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Identity - Who are you?

Do you have several personas residing within you that you pull out dependent on who you are with, what you are doing and what situation or environment you find yourself in?

If this is the case, then who are you really? Do your friends know? Does your family know? Do your work colleagues know? Do you even know?

Who am I? That’s one of the questions people often seek counselling to try to answer. It may not be the question they approach therapy with, but the question of identity is often lurking somewhere under the surface and reveals itself at some point within the counselling journey.

There can be so many factors that affects the way in which one may identify themselves which include family and upbringing, education, religion, job role, race, ethnic background, community, local environment, the impact of wider society and influencers from the word of celebrity and social media. The list can go on and on.

So the question may not be, what is it that makes you you, but rather, what is it that stops you being what is quite often referred to as your authentic self?

It’s quite normal for one to develop a persona which is plucked out when required such as the public speaking face of you or the more mature face of you in the workplace. However, it can be a cause of concern when these personas are not merely drawn and utilized when the situation requires, but instead are used more as the place from which you operate in your day to day life. Somewhere along the way, you may have a belief that your real face, or self, is not acceptable in the world in which you inhabit therefore, the persona you have created which seems to have been accepted as you becomes the face that you show up with all the time, regardless.

And what’s wrong with that, you may ask. What is wrong is that deep down inside no one may really get to know who that person actually is. They could be the life and soul of the party but inside are feeling down and low. They may support everyone by always giving, never thinking of their own needs or allow others to do the same for them. It could be that they are simply living in a way that they believe is acceptable to others. The reality is that they may feel unlovable, damaged, weird, not quite as good as everyone else and don’t really like who they are but just can’t allow for anyone else to see that. And if they don’t like themselves with all their perceived flaws, why would anyone else?

So how can counselling help?

It can provide a safe space for one to really explore and examine what it is that stops them being them? Exploring if they like who they are? If not, why not? Are there some parts they like and some they don’t? What do others think? Is what they think of themselves actually true? If so, how do they know?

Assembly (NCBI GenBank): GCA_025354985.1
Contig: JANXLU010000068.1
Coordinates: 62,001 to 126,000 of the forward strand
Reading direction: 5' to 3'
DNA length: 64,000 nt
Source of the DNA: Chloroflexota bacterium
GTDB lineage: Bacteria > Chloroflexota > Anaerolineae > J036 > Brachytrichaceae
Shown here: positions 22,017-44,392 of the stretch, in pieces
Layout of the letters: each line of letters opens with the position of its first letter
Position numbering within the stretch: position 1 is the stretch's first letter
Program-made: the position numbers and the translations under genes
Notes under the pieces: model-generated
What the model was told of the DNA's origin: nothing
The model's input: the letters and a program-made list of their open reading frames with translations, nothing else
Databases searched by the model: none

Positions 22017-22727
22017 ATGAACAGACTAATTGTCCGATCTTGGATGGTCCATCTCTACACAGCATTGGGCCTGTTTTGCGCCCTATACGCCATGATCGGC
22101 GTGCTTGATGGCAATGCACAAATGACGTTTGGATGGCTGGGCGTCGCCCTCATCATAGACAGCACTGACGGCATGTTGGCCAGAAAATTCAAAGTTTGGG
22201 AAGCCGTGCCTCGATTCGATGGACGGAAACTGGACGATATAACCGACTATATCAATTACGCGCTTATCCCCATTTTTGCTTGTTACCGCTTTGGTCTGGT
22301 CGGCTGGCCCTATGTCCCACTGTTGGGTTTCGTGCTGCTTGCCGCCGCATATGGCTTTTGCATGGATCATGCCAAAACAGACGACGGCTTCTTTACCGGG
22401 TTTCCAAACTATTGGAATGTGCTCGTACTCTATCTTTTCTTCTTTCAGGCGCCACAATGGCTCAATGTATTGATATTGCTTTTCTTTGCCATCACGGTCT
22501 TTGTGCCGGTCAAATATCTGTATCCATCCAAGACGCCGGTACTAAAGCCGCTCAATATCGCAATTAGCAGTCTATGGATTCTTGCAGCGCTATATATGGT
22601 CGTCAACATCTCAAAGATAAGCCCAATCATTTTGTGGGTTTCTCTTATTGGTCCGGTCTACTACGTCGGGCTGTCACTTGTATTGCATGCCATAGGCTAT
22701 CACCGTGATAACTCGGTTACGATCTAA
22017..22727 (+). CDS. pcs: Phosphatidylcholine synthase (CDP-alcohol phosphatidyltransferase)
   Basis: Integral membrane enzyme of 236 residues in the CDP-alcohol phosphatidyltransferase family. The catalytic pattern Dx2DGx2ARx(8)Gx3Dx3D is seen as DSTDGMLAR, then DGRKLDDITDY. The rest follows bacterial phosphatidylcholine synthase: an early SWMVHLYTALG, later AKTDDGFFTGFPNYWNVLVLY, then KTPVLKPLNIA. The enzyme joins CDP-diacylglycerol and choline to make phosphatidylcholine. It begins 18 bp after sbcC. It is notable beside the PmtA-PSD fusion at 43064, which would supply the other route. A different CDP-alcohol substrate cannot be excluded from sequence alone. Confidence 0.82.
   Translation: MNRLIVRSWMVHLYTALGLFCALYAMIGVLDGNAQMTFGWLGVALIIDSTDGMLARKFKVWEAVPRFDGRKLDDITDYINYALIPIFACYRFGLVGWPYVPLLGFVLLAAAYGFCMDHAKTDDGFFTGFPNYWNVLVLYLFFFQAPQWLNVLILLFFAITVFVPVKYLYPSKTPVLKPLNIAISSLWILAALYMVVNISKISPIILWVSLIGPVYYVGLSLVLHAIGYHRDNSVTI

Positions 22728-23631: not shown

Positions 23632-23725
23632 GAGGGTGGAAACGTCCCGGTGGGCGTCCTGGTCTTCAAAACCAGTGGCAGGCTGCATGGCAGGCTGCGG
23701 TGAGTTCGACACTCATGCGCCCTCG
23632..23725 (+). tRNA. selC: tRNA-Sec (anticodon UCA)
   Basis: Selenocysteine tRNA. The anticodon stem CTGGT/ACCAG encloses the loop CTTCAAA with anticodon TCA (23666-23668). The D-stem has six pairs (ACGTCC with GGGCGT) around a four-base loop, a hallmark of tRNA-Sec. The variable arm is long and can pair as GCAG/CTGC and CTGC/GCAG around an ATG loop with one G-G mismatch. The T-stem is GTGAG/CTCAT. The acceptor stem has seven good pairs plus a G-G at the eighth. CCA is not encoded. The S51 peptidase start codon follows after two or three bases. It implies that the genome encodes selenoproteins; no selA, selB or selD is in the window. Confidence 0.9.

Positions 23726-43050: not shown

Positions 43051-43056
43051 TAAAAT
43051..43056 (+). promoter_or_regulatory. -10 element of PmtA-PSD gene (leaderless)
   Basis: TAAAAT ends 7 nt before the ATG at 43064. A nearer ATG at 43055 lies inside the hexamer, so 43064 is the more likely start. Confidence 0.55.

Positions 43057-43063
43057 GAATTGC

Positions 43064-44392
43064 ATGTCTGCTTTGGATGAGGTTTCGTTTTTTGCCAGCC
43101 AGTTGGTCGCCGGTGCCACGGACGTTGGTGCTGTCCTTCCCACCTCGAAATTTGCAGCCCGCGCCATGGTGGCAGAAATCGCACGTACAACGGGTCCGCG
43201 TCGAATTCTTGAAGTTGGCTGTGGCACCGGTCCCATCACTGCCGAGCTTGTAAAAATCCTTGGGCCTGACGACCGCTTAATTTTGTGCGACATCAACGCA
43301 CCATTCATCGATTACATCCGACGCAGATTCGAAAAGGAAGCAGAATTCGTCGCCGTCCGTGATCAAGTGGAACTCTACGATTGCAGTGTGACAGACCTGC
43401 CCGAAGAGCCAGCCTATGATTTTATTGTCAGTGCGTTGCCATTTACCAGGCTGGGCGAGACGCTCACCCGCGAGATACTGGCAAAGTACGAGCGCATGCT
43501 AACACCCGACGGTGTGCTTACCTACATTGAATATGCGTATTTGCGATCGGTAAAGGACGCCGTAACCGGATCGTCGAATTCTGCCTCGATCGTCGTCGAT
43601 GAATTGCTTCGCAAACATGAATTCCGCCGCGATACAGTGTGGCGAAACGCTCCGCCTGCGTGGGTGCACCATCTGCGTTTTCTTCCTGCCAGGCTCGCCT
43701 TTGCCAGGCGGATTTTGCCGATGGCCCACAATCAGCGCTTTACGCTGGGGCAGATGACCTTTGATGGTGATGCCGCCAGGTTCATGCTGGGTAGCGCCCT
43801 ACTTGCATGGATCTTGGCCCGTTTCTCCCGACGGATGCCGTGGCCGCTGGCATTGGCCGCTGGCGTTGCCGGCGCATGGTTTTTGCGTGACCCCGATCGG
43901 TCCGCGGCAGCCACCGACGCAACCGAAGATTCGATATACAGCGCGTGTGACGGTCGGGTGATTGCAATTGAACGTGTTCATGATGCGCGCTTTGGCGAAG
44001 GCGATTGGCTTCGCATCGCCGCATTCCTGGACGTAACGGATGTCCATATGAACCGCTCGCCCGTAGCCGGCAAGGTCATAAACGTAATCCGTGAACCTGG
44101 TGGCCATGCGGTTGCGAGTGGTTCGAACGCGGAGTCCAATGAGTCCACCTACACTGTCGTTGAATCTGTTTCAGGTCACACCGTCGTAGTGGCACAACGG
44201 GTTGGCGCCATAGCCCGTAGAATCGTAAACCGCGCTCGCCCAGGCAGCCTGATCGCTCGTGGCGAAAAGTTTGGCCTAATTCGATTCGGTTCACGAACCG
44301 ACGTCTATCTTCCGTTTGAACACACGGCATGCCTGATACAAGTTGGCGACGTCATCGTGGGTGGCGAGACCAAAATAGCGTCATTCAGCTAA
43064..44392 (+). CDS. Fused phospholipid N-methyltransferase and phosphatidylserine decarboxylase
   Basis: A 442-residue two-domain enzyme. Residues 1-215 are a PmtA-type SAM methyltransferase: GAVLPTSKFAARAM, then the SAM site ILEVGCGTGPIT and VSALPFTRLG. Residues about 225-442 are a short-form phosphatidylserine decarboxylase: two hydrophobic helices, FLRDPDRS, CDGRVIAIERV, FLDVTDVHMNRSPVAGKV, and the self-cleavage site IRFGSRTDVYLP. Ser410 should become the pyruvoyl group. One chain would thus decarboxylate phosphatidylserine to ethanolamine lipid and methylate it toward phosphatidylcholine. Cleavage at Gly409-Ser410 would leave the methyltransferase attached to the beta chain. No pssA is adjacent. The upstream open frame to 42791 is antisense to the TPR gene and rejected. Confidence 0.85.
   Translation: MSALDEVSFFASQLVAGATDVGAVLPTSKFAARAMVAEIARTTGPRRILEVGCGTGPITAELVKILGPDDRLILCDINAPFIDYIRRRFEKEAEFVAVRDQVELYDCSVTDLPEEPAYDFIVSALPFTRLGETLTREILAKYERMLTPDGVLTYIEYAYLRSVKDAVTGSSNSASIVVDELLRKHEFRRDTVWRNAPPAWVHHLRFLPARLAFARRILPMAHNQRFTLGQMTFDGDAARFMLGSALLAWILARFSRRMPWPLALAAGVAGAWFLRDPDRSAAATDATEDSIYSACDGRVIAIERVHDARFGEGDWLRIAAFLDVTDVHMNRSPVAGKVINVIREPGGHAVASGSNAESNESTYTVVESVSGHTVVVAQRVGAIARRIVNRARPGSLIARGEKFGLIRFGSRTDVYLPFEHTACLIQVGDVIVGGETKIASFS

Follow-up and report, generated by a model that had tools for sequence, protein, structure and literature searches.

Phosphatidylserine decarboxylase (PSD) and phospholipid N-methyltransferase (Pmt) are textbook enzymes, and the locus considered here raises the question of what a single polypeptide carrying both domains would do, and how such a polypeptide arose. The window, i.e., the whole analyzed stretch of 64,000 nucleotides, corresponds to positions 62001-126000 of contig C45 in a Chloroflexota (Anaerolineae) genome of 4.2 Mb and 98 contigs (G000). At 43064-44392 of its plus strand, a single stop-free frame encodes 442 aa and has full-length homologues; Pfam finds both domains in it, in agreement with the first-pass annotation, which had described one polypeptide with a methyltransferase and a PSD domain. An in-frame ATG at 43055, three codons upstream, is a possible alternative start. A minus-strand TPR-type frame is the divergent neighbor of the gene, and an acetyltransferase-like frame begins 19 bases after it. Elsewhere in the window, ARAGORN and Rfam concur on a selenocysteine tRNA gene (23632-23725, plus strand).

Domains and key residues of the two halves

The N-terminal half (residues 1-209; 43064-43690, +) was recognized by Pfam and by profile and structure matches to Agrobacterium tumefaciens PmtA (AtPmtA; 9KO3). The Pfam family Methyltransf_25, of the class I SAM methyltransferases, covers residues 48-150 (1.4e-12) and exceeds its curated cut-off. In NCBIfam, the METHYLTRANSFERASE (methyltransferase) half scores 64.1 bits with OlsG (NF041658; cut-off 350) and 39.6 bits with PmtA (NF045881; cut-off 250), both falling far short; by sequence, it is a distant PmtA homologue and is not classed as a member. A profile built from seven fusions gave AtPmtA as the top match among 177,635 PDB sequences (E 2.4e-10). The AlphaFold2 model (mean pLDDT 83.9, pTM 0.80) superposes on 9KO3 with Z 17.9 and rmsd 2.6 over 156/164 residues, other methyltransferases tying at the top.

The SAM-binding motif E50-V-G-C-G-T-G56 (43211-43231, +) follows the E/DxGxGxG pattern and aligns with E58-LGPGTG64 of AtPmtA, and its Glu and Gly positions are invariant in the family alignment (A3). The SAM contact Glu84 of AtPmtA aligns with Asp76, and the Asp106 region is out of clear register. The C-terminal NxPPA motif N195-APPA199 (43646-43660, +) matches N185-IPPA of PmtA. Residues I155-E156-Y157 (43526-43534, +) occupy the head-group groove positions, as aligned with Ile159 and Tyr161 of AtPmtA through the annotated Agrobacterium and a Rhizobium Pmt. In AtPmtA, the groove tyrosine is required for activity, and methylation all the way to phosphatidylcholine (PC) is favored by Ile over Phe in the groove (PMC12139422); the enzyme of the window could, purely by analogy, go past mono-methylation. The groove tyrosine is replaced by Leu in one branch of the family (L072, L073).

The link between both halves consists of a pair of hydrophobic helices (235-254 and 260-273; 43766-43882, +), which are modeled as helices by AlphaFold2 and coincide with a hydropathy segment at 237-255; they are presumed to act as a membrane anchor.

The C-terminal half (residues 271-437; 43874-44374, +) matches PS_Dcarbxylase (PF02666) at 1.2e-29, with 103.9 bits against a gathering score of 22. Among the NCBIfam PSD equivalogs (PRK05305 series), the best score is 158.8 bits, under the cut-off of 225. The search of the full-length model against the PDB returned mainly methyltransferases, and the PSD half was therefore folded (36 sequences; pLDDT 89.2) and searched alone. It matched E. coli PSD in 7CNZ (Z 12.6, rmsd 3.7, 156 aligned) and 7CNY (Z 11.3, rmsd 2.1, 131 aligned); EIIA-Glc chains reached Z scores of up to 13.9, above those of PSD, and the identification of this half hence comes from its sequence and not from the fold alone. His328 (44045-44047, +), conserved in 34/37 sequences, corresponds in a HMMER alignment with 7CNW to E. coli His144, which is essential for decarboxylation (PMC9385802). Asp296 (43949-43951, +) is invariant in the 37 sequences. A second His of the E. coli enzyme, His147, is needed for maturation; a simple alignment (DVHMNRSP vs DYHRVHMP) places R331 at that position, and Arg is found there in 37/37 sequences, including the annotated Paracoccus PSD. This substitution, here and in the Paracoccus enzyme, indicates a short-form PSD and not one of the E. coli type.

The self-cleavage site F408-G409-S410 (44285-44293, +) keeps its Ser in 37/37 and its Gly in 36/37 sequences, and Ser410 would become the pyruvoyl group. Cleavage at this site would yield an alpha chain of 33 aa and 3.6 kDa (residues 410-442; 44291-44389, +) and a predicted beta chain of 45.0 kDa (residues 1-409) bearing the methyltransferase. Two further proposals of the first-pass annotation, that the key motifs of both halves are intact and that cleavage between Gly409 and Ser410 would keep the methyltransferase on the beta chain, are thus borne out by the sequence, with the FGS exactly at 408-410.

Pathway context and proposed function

Counselling can help to uncover and discover ones core belief system, the basis on how they make decisions, engage with and judge others and present themselves to the world. Do they believe it’s better not to cry as it’s weak to show vulnerability? Did they learn to laugh away their pain because no one showed emotion around them growing up? Do they believe you have to work hard and not complain to be successful? Do they believe that education is the key to everything? Did someone tell them their skills and craftsmanship were laughable and they would never be successful? Counselling can help dig to the root of their core beliefs and address the negative impact they have and help someone to develop a more positive way of thinking about themselves by questioning the truth of their often long held beliefs.

Counselling can also tackle what is known as the inner critic. That inner voice on replay that keeps reminding you to stay in your lane, if it even allows you to deserve a lane. The voice that pipes up every time you feel more confident than you usually do, that challenges you and brings you down. I asks you who you really think you are to even be considering what you are considering thinking, feeling or doing. The voice that reminds you of every bad word someone has ever said about you, every painful experience you have had, every time you have failed and why is it’s safer to stay as you are.

What therapeutic exploration and probing can do is really encourage a person to be honest about how they feel and think about themselves and then question this from a range of different angles. A person can learn how to observe their thoughts, feelings and behaviour and also notice what triggers them. We can often develop a negative sense of who we are based on unkind words, someone’s opinion, a failed relationship, painful memories, a negative inner dialogue and what society says we should be. These influences can affect how we believe we should speak, think, feel and behave.

Counselling can help a person to look at all parts of who they are and help them to recognise that all parts of their identity are acceptable and are very much welcome. It can create and reinforce positive ways of thinking about themselves and help them to see that who they are is good enough. Counselling can help them discover parts of their personality they may have buried and help them to love and embrace all parts of themselves improving their self-worth, self-esteem and confidence levels.

So in conclusion and in reflection ask yourself, how do I relate to the world? How much of my true self do I show? Are there parts of myself I’d rather others didn’t see? Or could I do some work on myself to accept myself for who I am?


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